U.S. House Votes to Authorize Warrantless Domestic Spying on Americans

January 11, 2018

Today, the U.S. House of Representatives voted to reauthorize Section 702 of the Foreign Intelligence Surveillance Act (FISA), with changes that would for the first time endorse warrantless searches of millions of Americans’ online and phone communications. An amendment by Rep. Justin Amash (R-MI) that would have prohibited such warrantless searches was defeated. Neither vote was along strictly partisan lines, as civil liberties advocates on both the right and left supported the Amash amendment and opposed the bill that ultimately passed.

The bill must now be voted on by the U.S. Senate before reaching Pres. Trump’s desk.

“The House just voted to turn the Foreign Intelligence Surveillance Act into a tool for domestic spying on Americans,” said Elizabeth Goitein, co-director of the Brennan Center’s Liberty & National Security Program, who testified before Congress on the issue last year. “The government obtains this data without a warrant and in massive amounts, based on a promise that it is NOT trying to access Americans’ communications. But 256 members of the House think FBI agents should have warrantless access to Americans’ calls and e-mails, even in investigations that have literally nothing to do with national security. The Senate should reject this assault on Americans’ constitutional protections and take up legislation, like the USA Rights Act, that will end warrantless searches instead of endorsing them.”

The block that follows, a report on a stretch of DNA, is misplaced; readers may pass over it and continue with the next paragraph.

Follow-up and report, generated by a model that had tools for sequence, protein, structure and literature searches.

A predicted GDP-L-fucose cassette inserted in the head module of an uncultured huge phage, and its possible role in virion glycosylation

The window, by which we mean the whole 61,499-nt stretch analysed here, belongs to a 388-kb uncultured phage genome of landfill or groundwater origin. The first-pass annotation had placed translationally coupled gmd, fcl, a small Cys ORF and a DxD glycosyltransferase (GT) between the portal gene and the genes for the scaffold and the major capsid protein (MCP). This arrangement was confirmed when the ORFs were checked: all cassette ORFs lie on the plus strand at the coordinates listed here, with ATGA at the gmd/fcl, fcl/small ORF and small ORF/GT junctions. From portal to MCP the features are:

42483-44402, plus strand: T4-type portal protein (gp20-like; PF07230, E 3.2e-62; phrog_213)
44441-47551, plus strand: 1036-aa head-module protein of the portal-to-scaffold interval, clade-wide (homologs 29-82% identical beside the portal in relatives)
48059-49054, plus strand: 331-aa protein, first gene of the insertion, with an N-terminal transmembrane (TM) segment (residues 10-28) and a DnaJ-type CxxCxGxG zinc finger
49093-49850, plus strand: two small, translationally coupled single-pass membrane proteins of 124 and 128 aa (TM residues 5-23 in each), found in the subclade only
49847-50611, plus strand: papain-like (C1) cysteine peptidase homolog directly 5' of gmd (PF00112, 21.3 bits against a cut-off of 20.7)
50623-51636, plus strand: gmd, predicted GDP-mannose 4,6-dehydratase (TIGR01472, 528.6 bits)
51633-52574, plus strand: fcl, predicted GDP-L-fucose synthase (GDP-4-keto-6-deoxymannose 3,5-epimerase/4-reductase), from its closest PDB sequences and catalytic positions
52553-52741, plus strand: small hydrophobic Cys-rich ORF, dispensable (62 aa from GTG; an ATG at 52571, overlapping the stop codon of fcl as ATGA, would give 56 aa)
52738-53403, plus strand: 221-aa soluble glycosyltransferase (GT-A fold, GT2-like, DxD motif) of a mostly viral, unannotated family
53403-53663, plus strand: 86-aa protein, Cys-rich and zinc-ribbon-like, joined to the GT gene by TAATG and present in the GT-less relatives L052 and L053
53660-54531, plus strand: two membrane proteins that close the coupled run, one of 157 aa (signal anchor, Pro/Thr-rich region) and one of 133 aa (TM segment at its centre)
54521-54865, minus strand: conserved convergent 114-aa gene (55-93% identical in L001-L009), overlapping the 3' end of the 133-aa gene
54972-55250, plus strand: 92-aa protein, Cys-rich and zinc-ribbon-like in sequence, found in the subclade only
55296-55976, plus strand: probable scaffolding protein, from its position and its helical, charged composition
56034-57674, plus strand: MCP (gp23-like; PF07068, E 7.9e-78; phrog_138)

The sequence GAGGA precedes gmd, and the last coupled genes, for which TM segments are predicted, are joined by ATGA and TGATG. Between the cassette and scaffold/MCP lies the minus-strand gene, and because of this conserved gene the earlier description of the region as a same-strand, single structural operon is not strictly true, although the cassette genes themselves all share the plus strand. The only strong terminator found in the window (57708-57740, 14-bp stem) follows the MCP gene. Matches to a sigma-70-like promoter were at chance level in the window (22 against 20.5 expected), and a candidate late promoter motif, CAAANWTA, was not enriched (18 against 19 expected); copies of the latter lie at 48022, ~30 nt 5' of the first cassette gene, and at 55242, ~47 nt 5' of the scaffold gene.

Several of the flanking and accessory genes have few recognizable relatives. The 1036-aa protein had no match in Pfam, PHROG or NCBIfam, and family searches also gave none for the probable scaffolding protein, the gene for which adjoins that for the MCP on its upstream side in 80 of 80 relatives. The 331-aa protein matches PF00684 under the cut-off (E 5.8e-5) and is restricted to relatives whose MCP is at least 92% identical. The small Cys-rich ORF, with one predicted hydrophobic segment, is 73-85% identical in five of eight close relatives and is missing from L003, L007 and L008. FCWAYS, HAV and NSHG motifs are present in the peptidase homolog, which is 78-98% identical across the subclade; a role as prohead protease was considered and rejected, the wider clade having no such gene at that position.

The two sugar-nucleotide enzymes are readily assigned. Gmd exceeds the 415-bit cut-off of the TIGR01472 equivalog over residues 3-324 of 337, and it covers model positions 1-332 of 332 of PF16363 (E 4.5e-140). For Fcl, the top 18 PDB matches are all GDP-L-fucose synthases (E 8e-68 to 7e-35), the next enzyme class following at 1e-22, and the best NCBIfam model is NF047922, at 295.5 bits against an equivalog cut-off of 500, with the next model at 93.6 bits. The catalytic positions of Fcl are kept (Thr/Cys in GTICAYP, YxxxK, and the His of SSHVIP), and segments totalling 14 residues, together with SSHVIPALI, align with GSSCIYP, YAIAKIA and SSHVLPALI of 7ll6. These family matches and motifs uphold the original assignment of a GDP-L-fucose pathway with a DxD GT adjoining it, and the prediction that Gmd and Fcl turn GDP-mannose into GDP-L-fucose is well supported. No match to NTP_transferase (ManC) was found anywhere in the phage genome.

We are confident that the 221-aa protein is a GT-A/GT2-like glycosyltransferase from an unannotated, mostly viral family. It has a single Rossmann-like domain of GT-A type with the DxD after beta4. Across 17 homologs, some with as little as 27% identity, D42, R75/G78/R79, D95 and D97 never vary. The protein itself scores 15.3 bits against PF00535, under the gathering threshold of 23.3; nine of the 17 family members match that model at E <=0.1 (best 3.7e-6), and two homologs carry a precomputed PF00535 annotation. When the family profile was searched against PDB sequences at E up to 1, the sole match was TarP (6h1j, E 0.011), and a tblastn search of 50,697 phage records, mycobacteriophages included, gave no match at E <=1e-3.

The final bill passed by a vote of 256-164, while Rep. Amash’s amendment was defeated 183-233. This morning, Pres. Trump tweeted out concerns about the bill, although the White House has publicly backed its passage.

Read an opinion piece by Goitein in the San Francisco Chronicle urging House Minority Leader Rep. Pelosi (D-CA) to mobilize her caucus against the bill. Pelosi ultimately backed the bill.

Visit the Brennan Center’s resource page on Section 702 Surveillance.

For more information or to schedule an interview, contact Naren Daniel at (646) 292-8381 or naren.daniel@nyu.edu.